Shaheen Responds to Funding Levels for Opioid Crisis in Labor, HHS Appropriations BillJune 07, 2016
**Bill Includes Increases for Shaheen-Championed Programs That Provide Treatment, Prevention for Opioid Addiction**
**Shaheen Renews Her Call for Congress to Pass Emergency Funding to Address Opioid Crisis**
(Washington D.C.) – Today, U.S. Senator Jeanne Shaheen (D-NH), member of the Senate Labor, Health and Human Services, and Education Appropriations Subcommittee, released the following statement in reaction to the fiscal year 2017 Departments of Labor, Health and Human Services, and Education, and Related Agencies Appropriations bill that was passed by the subcommittee today. The bill provides increases for several Shaheen-led programs, and includes investments in the National Institutes of Health (NIH), and prescription drug abuse prevention and treatment through initiatives of the Centers for Disease Control and Prevention (CDC) and the Substance Abuse and Mental Health Services Administration (SAMHSA).
“I am glad to see that this bill reflects my repeated calls for increases in funding to address the wave of opioid addiction that is ravaging America’s families, however it’s not nearly enough to stem the tide of this crisis,” said Senator Shaheen. “First responders and treatment providers in New Hampshire and across the country, are desperate for additional resources. We have to treat this epidemic like the national public health emergency that it is, which is why I will continue to urge Congress to pass my emergency funding legislation. Congress needs to quickly step-up its efforts and help those suffering from addiction get the help they desperately need.”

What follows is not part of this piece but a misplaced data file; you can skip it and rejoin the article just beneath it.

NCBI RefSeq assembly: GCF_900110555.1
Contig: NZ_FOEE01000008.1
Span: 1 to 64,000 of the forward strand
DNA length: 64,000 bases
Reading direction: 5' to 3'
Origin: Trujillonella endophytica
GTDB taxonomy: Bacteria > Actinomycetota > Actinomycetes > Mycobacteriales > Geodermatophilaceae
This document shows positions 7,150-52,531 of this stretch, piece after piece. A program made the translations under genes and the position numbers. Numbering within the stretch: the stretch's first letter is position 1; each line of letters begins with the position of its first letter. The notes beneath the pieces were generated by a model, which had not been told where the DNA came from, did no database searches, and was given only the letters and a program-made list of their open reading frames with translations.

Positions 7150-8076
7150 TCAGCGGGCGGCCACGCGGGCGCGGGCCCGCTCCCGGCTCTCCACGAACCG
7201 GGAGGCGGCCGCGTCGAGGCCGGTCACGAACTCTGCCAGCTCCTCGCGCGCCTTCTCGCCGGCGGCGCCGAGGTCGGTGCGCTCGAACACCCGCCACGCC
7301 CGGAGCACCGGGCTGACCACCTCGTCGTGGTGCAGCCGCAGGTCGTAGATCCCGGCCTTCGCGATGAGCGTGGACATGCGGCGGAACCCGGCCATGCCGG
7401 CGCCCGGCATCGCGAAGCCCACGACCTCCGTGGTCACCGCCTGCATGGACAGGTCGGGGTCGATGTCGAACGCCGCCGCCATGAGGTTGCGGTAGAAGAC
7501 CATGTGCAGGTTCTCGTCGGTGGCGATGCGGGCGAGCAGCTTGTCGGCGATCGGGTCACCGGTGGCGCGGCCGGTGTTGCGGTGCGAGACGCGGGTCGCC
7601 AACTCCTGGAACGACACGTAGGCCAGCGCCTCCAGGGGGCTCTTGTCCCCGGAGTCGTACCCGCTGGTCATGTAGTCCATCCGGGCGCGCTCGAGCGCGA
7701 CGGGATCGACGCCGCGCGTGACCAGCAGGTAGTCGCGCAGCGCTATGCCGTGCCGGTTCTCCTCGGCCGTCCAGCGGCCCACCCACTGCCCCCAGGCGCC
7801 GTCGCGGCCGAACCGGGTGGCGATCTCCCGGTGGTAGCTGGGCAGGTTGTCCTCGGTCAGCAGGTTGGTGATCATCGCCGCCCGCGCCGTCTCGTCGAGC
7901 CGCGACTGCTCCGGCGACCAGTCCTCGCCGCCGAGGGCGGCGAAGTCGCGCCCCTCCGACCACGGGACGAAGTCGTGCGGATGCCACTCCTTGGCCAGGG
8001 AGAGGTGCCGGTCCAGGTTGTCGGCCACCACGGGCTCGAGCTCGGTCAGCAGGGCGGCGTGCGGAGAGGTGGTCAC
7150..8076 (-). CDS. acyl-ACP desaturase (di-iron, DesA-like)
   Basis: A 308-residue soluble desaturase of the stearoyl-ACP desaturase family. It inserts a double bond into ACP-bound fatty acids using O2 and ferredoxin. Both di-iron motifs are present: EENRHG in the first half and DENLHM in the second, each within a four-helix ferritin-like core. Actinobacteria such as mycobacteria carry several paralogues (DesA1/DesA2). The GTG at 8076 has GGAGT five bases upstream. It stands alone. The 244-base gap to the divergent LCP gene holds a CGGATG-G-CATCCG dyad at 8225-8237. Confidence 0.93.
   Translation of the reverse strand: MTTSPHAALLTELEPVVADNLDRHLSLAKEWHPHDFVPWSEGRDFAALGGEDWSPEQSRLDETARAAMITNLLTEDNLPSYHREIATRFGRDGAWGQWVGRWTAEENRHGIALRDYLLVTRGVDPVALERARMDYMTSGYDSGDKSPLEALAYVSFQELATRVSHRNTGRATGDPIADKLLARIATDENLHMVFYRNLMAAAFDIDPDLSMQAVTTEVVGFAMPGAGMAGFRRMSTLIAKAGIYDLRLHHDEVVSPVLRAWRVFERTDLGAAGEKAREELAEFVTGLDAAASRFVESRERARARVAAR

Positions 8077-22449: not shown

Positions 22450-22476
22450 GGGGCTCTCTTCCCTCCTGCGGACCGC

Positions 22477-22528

Specifically, the FY2017 Labor, HHS Appropriations bill will provide $98 million to CDC, $28 million more than FY16, for preventing prescription drug overdoses. These funds would allow for broad dissemination of CDC’s opioid prescribing guidelines, as well as improving State Prescription Drug Monitoring programs. The bill also provides increased funding for SAMHSA, including $60 million for grants for states to expand access to drug treatment services for those with a dependence on prescription opioids or heroin. This is $35 million more than FY2016. The bill also includes $26 million, $14 million more than FY2016, to treat opioid overdoses. These funds will be used to help states purchase emergency devices that rapidly reverse the adverse effects of opioid overdoses, and also to train first responders on how to use the emergency devices and increase public awareness of the dangers of opioid use.
Shaheen is leading the effort in Congress to pass emergency supplemental funding for those on the frontlines of the opioid addiction crisis. Her legislation would provide supplemental appropriations totaling $600 million to programs at the Department of Justice and the Department of Health and Human Services.
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